The dynamic nature of the chromophore during MD simulations suggests that we may use the geometric angles, dihedrals and AUC RMSF(LYS+RET) parameters to differentiate between blue-sensitive and violet-sensitive Sws2 photopigments. For each photopigment, we examined a total of 19 angles (15 Torsion Angles and 4 Geometric Angles) (S2 Fig, Fig 3A) formed by the heavy atoms of the lysine residue at position 296 of the opsin covalently linked to 11-cis retinal. The model parameters that showed a reasonable correlation to experimental λmax values were the median values of Torsions 3, 9, 10, 11, 12, as well as Geometric Angles 1 and 3, from a total of 19 examined angles (S3 Fig). The standard model selection procedure was then used to determine the simplest linear regression model that best fitted to the shortlist of parameters showing a reasonable correlation to experimental λmax values. From our model selection procedure, we found the simplest model for the 11 Sws2 photopigments examined contained three terms: the median values of Torsion 3 (C15–C14–C13–C20), Torsion 12 (C19–C9–C8–C7), and Angle 3 (C3–C7–C8) (Fig 4). AUC RMSF(LYS+RET) values were not identified by the model selection procedure as being predictively useful.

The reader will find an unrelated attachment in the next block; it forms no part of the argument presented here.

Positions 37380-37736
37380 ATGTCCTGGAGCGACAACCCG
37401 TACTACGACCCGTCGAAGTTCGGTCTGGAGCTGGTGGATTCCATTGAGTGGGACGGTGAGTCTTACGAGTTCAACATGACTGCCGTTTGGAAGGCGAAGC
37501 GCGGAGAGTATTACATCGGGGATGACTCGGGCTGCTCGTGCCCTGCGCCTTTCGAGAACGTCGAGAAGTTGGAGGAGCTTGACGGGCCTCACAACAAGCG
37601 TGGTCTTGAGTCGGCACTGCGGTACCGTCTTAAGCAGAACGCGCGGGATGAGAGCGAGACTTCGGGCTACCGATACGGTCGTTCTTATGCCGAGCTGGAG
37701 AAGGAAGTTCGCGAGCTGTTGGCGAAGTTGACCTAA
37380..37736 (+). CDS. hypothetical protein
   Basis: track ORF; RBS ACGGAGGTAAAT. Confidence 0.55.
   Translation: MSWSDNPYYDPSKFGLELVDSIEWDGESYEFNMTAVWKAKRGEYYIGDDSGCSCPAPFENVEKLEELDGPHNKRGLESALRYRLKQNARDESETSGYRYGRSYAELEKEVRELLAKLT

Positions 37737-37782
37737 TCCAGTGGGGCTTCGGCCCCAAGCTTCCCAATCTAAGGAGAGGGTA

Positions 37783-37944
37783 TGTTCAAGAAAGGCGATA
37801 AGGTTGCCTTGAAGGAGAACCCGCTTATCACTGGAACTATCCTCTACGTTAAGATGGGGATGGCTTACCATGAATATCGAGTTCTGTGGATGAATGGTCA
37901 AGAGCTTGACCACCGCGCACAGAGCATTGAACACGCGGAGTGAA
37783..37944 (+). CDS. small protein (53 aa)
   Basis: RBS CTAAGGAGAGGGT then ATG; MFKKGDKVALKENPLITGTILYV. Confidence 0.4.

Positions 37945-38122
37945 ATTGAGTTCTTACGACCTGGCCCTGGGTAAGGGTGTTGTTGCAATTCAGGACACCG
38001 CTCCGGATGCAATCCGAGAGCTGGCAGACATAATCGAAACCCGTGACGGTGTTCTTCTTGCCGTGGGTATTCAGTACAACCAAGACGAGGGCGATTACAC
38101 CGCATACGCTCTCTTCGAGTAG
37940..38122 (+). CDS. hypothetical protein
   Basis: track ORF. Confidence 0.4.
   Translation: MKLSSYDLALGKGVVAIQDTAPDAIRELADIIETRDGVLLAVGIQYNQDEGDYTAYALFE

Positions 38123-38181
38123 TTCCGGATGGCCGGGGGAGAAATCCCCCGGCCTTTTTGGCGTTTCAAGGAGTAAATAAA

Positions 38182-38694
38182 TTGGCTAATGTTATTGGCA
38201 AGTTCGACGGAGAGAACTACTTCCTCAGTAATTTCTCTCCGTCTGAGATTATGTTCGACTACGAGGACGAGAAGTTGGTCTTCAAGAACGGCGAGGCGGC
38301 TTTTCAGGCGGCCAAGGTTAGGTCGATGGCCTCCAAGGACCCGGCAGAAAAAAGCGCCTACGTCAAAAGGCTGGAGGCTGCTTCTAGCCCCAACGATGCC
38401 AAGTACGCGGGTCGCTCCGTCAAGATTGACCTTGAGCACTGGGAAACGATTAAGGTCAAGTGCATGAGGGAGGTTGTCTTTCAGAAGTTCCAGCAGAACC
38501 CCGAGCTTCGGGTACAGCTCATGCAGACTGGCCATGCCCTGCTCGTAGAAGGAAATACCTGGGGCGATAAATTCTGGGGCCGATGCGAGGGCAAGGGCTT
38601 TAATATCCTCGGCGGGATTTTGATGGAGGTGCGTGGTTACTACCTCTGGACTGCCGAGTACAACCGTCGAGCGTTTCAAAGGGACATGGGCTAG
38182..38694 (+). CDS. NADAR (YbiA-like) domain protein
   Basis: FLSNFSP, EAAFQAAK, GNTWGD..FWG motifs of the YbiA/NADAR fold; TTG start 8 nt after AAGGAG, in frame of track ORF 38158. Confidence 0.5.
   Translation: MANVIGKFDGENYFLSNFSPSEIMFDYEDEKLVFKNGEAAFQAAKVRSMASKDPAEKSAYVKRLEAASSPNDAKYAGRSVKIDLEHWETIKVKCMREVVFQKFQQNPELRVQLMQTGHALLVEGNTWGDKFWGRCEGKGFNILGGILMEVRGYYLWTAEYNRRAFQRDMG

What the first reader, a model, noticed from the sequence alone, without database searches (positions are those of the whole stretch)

Blue and violet colors correspond to Sws2 photopigments with λmax values >430 nm vs. λmax values <430 nm, respectively.